Within you, there is a ‘wild writer’ that knows. Our job is to get to know that wild part, to build a relationship to it. That takes time and tenderness.
The danger of putting grand writing plans into action is that in our enthusiasm and impatience, we can jump over the necessary process. So, this year, set yourself smaller writing goals than you would perhaps like. With each completion of a promise to yourself, you build your confidence. The single most important thing as a writer is to stay out of the terrible vortex that results from persistently failing to do what you intended to do.
At the end of ‘a week-in-the-wilds’, the residential writing weeks that I run in Southern France, and in order to celebrate the bravery of the writers who have dared to go into the wild, I offer an evening of wine tasting, accompanied by readings of the Wild Words that have been produced on the journey.
It’s always a spirited event! Wine expert based in Languedoc, Emma Kershaw, describes the tasting experience,
We close our eyes and inhale the heady aromas of blackcurrant, pepper, cedar, tobacco, liquorice, rosemary and earth. …Just one swirl of a glass transports us back to another time, another place, a memorable moment.
With every sip, we connect with the history, the soil, the weather, and the people of this area, as we also aim to do in our writing.
But more than that, drinking wine is helpful (you’ll be delighted to hear) for honing two important writer-in-the-wild skills: using sensory impressions, and employing metaphor.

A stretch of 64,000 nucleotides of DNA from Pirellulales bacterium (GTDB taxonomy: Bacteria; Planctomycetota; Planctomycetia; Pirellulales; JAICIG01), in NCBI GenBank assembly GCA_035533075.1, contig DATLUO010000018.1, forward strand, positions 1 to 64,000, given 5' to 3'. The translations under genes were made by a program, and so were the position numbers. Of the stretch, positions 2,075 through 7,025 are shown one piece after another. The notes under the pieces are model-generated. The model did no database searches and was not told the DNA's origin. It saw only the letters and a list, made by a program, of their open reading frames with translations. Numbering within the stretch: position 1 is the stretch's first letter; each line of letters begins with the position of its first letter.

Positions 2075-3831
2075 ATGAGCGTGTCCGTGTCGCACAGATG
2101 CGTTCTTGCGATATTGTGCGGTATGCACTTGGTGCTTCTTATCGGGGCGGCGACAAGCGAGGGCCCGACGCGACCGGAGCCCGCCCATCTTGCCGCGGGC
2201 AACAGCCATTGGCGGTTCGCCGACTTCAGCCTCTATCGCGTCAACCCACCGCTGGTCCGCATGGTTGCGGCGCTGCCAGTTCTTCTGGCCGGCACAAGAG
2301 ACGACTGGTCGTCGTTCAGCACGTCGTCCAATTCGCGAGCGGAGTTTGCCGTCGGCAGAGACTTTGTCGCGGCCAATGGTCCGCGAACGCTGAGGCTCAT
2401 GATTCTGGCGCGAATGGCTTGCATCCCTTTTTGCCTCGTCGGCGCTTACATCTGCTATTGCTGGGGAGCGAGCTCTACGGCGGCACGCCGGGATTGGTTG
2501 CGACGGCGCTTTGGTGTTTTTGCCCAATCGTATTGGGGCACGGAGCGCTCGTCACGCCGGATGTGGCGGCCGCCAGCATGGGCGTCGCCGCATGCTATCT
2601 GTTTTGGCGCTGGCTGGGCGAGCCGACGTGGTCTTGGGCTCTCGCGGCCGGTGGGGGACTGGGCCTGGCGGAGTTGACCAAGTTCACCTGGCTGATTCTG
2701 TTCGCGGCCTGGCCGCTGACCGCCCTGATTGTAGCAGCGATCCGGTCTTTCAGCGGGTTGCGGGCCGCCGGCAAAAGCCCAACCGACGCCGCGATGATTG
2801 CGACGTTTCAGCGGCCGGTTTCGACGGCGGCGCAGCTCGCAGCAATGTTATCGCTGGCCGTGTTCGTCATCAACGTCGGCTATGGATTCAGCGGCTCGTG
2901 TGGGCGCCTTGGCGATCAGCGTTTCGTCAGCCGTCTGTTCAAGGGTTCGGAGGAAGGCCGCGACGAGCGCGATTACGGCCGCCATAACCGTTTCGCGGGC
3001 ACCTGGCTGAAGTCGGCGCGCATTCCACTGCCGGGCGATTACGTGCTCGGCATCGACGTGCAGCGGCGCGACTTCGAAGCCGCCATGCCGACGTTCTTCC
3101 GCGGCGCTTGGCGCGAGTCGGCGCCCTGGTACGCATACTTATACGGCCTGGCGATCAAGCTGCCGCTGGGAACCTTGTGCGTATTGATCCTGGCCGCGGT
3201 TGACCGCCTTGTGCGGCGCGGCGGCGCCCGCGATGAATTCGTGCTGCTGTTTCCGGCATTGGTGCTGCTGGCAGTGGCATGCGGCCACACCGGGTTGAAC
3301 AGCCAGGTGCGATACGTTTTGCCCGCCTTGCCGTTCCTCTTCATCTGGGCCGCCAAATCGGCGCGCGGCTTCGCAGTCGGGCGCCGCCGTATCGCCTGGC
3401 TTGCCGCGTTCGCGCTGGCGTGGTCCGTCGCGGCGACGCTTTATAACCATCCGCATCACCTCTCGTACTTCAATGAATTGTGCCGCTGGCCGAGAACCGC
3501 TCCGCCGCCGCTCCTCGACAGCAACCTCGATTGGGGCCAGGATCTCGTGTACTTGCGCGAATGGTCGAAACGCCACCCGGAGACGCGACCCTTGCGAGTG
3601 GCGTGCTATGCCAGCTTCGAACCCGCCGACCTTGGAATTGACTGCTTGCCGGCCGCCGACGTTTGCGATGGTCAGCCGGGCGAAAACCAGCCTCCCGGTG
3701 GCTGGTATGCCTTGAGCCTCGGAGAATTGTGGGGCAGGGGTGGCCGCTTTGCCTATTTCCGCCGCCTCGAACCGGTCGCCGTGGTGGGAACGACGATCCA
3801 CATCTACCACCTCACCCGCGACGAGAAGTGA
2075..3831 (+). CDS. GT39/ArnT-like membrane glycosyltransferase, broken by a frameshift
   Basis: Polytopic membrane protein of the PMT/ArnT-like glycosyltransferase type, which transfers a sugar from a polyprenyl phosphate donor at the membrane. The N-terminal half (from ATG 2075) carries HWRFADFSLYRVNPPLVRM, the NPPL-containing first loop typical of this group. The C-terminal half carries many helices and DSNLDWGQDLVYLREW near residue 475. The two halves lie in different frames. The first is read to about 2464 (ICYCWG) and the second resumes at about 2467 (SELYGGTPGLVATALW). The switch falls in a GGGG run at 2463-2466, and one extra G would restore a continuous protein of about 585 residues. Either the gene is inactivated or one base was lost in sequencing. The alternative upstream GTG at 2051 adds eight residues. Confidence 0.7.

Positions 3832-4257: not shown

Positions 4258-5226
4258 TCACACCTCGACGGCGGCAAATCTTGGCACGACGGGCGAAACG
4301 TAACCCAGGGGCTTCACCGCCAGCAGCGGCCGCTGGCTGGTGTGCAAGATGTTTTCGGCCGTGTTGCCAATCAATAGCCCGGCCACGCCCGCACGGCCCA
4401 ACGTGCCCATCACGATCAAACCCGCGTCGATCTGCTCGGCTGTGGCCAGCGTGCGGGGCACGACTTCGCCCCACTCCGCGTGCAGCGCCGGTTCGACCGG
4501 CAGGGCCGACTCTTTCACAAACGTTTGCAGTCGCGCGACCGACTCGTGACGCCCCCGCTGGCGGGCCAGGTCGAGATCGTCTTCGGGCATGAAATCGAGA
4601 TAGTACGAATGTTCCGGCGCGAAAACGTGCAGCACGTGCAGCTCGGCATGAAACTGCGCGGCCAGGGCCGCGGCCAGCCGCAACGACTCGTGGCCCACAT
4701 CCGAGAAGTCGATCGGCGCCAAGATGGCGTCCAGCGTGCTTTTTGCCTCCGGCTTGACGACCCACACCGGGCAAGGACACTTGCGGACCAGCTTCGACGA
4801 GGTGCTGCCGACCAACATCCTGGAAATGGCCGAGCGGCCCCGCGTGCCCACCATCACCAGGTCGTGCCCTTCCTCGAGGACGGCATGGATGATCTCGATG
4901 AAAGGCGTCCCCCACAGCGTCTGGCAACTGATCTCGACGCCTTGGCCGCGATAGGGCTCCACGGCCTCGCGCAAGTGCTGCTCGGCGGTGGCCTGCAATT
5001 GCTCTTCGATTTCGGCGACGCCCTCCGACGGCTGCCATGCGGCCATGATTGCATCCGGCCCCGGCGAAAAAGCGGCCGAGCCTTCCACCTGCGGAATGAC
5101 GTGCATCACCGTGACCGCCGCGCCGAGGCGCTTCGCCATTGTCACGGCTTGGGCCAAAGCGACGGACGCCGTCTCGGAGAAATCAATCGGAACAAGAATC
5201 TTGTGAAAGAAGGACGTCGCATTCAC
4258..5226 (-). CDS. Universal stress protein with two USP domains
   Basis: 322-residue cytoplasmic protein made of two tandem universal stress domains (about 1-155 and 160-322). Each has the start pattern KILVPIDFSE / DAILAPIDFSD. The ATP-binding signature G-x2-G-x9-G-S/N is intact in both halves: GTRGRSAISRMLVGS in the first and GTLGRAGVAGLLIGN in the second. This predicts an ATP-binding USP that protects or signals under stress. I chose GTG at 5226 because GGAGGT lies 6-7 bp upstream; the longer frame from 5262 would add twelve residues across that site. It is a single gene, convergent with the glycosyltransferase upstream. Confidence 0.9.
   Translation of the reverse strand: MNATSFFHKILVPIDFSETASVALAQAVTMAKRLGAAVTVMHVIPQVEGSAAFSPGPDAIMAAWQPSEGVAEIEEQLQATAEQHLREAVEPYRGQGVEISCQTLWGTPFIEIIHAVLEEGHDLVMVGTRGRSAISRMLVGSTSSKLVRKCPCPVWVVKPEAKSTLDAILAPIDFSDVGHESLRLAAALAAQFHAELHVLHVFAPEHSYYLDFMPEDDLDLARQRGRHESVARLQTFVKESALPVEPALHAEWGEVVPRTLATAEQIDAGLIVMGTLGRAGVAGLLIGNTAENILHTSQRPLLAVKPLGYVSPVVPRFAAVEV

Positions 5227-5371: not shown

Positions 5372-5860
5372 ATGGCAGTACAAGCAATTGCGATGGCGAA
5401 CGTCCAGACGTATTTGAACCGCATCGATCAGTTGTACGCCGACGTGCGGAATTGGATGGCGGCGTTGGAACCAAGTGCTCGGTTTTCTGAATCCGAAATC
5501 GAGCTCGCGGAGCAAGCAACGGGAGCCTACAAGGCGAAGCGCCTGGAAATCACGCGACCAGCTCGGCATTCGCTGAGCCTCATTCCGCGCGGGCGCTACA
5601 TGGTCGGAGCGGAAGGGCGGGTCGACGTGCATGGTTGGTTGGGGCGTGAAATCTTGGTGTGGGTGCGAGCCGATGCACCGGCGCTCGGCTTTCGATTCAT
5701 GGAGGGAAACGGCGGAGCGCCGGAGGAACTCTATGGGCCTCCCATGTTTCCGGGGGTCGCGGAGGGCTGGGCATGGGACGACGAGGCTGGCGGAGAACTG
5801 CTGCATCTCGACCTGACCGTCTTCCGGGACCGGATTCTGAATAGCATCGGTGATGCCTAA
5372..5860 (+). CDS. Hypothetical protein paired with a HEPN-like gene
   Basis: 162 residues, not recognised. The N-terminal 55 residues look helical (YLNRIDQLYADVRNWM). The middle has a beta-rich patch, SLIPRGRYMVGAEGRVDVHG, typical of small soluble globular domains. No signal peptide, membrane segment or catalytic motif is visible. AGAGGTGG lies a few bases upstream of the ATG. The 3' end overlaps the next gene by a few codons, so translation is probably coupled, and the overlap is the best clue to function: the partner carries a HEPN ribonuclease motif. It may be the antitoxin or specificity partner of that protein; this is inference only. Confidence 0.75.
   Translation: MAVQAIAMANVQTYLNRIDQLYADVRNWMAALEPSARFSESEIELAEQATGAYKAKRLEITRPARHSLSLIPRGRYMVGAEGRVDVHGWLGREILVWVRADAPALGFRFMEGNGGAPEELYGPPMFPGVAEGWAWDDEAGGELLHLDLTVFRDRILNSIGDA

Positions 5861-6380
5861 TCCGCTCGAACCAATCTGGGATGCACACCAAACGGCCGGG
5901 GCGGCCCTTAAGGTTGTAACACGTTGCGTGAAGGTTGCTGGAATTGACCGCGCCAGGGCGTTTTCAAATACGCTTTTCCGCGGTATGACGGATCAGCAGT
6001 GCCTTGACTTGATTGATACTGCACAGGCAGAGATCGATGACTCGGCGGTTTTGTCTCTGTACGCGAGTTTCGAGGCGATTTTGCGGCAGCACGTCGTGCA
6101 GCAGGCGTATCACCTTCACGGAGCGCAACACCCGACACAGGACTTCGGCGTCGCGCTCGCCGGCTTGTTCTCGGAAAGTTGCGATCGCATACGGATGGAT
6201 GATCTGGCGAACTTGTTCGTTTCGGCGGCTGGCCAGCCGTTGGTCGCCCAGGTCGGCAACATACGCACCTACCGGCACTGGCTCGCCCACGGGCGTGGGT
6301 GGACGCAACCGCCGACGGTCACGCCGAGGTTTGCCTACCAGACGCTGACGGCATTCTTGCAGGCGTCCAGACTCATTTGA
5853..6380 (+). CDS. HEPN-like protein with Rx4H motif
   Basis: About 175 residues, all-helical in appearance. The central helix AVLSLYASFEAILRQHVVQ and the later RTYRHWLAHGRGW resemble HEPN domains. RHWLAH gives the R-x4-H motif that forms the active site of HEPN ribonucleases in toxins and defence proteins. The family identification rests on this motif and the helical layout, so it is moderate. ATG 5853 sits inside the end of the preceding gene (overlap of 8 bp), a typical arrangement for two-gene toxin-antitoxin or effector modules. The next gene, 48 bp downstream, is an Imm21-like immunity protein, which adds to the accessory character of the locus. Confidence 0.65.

As in the process of writing creatively, sight, smell, taste, sound and touch are all engaged at a wine tasting. The characteristics of a wine are often conveyed by likening them to other things. You might describe a wine as ‘flamboyant’ ‘oaked’ ‘bright’ ‘toasty’ ‘charcoal’ or ‘laser-like’. Dr Ernesto Suarez-Toste describes how…
wine folks use metaphor all the time…structure and mouthfeel almost always demand the use of figurative language…For one thing we personify wine most of the time. Not simply by saying it has a nose instead of a smell. It has character, it’s endowed with human virtues and vices. It can be generous, sexy, voluptuous, whimsical, shy, demure, bold or aggressive. We almost cannot conceive wine without personifying it. We reach for metaphors because …there is no single lexicon with the expressive potential to cover all the range of sensorial impressions.
Wendy Gedney, who leads wine tours of the Languedoc region, was working on her book 'The Wines of the Languedoc-Roussillon', aiming
to paint a vivid picture of this ancient and beautiful place and its sun-drenched wines.
She found that her energy was not forming on the page, and thought that Wild Words might help. She describes how,
The course helped me enormously. It reenergised me and lead me to rewrite, form and sculpt the words to not only bring my writing but also the wines of the Languedoc-Roussillon, alive.’
Christmas may present you with the ideal opportunity to undertake the following exercise…